Viagra became a smashing success almost immediately upon its release. The success of Viagra was quickly evident in the level of popular interest it generated, and then in the big profits it brought in. The initial profit margin for Viagra was millions of dollars. Move forward a few years, and Viagra is now a billion dollar profit seller.
Viagra's success is rather a surprise, because Viagra is only available to one part of the population -- men -- and is a treatment for what was thought to be a fairly limited condition: erectile dysfunction. Compare this profile to a drug for depression, for example: a depression drug is available to an entire population and treats a condition that's fairly common. How does Viagra's limited profile generate so much profit?
Viagra's profit success may be attributed to one of two things. Explanation number one is that a considerable amount of men have erectile dysfunction. Men who were older and sickly, what would have to be a small percentage of the male population, were thought to be typical candidates for erectile dysfunction. Viagra's big sales numbers, however, indicate that older and sickly aren't the only ones who may have erectile dysfunction. Perhaps erectile dysfunction is epidemic?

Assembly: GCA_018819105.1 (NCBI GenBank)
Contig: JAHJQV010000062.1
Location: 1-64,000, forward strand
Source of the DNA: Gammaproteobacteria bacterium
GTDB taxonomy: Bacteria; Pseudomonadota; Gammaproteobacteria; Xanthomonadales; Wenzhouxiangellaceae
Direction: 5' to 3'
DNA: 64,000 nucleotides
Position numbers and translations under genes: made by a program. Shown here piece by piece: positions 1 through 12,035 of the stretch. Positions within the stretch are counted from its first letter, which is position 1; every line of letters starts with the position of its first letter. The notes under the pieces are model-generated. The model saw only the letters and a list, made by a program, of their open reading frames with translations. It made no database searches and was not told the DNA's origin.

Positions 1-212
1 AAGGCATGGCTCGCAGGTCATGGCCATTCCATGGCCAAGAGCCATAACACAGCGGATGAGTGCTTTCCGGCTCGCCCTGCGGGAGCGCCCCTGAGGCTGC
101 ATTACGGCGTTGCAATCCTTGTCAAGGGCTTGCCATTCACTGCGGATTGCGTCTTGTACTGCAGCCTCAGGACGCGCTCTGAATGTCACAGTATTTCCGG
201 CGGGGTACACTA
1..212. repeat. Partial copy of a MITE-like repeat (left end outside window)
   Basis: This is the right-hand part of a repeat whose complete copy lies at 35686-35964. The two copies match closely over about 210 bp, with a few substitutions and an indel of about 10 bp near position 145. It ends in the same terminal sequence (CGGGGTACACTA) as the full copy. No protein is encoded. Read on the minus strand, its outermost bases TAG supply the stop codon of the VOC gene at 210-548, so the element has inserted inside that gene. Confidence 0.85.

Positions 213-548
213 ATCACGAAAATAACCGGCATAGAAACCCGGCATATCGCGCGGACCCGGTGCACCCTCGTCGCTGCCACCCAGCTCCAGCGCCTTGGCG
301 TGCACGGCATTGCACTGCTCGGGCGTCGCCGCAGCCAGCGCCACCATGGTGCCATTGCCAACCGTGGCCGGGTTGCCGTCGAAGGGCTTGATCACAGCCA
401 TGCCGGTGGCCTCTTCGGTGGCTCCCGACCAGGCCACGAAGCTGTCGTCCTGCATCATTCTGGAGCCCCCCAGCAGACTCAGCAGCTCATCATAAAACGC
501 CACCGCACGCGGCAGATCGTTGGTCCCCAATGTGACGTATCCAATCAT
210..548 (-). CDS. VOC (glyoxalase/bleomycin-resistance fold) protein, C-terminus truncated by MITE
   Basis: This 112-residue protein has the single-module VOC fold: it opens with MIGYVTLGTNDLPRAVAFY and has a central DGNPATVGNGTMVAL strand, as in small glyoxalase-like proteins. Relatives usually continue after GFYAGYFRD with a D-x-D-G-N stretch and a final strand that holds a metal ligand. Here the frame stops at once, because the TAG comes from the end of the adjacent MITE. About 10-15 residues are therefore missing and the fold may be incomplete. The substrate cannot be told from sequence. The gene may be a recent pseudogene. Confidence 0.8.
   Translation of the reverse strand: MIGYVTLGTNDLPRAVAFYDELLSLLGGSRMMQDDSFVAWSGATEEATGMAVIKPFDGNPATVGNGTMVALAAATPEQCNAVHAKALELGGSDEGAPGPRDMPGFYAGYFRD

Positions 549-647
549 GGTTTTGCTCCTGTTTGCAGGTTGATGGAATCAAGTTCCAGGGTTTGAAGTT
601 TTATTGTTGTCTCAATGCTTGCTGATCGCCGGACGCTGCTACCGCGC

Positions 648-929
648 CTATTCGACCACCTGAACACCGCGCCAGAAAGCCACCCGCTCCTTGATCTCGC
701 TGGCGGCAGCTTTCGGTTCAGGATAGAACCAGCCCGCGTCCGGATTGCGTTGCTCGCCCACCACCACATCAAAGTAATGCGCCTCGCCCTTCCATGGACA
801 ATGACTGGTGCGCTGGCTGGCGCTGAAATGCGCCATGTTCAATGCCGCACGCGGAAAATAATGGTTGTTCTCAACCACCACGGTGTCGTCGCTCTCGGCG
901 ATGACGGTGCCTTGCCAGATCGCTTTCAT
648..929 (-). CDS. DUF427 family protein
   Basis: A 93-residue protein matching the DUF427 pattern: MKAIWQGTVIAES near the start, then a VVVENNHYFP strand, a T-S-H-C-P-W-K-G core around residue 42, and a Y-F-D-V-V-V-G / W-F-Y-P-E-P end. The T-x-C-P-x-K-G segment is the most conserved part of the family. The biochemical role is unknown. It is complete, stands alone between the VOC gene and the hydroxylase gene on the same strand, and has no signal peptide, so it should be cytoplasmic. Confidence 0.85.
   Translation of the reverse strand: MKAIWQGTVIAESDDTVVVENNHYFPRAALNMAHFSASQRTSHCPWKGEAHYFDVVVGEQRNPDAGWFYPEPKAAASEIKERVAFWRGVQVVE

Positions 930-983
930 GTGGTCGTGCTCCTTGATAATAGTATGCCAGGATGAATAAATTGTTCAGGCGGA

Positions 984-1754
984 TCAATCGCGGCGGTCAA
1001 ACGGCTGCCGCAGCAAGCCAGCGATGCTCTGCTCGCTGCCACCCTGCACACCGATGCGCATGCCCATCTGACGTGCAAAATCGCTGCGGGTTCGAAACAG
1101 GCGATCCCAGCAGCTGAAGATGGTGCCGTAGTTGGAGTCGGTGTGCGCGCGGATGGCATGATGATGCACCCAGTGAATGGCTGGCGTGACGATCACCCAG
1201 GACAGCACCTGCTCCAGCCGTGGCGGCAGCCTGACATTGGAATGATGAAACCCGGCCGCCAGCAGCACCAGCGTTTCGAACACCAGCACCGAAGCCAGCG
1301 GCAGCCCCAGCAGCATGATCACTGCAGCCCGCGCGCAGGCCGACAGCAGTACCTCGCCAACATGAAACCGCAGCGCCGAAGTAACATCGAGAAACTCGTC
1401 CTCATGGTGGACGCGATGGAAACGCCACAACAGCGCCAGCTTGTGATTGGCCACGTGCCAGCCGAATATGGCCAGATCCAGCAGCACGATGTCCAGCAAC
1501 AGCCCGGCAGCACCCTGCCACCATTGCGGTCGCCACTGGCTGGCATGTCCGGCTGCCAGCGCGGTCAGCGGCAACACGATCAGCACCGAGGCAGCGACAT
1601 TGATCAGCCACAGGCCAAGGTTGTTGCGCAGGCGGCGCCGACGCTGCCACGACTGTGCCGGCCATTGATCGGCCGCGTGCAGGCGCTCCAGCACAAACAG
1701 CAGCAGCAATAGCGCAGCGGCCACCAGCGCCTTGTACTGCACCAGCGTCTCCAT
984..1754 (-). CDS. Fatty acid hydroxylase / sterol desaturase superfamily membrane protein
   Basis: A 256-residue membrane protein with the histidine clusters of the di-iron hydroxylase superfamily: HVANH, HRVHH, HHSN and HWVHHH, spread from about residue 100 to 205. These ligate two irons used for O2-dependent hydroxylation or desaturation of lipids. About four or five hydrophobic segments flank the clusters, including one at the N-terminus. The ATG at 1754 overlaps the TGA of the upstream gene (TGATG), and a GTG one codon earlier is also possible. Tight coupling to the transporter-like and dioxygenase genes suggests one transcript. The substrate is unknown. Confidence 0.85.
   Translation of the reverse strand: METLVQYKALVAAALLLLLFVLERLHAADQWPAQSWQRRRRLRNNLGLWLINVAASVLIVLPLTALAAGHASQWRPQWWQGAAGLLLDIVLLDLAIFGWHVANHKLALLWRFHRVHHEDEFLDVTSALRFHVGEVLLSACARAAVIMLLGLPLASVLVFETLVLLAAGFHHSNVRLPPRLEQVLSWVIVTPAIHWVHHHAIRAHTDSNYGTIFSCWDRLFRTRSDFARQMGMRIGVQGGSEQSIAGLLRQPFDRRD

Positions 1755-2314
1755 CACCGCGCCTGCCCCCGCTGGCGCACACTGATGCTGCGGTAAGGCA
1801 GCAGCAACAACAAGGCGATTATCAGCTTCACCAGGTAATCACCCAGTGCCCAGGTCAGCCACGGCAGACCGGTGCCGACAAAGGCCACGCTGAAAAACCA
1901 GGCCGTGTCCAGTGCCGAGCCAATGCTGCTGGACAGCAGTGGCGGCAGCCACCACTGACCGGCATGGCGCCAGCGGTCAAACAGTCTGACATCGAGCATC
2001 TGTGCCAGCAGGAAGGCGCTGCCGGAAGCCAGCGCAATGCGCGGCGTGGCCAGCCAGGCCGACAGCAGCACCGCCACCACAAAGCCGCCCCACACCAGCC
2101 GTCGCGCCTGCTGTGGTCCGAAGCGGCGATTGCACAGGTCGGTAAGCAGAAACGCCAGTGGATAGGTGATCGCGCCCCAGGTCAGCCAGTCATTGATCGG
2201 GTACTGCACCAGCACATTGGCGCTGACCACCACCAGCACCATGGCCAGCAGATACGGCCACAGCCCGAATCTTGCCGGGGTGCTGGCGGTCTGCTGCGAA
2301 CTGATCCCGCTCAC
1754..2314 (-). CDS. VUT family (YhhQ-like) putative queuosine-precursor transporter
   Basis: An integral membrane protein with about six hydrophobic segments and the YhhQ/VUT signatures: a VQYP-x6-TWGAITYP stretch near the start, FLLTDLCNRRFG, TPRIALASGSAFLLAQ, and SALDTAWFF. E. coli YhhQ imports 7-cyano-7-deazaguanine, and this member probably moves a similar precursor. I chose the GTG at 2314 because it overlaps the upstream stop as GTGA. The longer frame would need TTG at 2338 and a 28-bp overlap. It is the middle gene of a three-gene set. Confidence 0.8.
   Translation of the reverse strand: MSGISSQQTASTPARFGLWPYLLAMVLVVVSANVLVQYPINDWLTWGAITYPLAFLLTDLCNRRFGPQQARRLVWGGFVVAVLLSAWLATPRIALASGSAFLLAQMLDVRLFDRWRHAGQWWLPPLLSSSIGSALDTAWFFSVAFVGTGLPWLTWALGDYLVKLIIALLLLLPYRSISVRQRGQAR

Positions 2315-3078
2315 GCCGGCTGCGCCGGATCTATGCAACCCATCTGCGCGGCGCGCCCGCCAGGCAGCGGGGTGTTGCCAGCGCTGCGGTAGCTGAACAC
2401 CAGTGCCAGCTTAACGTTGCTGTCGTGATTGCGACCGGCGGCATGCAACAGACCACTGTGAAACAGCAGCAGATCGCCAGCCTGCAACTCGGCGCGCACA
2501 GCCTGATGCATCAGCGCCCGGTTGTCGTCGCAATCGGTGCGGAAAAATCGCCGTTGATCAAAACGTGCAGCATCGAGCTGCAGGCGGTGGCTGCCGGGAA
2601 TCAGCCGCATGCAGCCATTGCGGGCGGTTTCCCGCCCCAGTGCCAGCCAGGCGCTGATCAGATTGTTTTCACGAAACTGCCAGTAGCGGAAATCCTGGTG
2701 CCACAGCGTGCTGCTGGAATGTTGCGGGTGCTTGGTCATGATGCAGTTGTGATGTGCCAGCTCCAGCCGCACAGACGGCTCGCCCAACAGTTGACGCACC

The second possibility for explaining Viagra's huge sales is men without erectile dysfunction are using Viagra. Why? Viagra has developed a reputation for being a male aphrodisiac, and a section of men could be using Viagra for male enhancement. Though Viagra is a prescription drug -- in the US at least -- could a man with a claim of erectile dysfunction have that claim somehow disproved? Possibly. Possibly not.
The open secret about Viagra, and some other drugs, is that it's available without having to go to one's personal physician for a prescription. Online sources, often referring to themselves as pharmacies, will either arrange for an online prescription to be obtained, or will sell Viagra without a prescription outright. Authorities are clamping down on these so-called online pharmacies, however, so they may not be the viable option they once were.
Viagra's overwhelming success has, not surprisingly, encouraged competition. There are now two other prescription drug alternatives to Viagra: Cialis and Levitra. Both of these drugs -- and Viagra -- have massive marketing campaigns that include prime time television commercials. (The fact that treatments for erectile dysfunction are now advertised on prime time television in the United States is a story in itself.)
Viagra's success has also produced competition from nonprescription products, products different from Viagra in they are designed specifically for intimacy enhancement and not erectile dysfunction. These latest competitors to Viagra are becoming increasingly popular and a new niche -- nonprescription enhancers -- is developing as a result.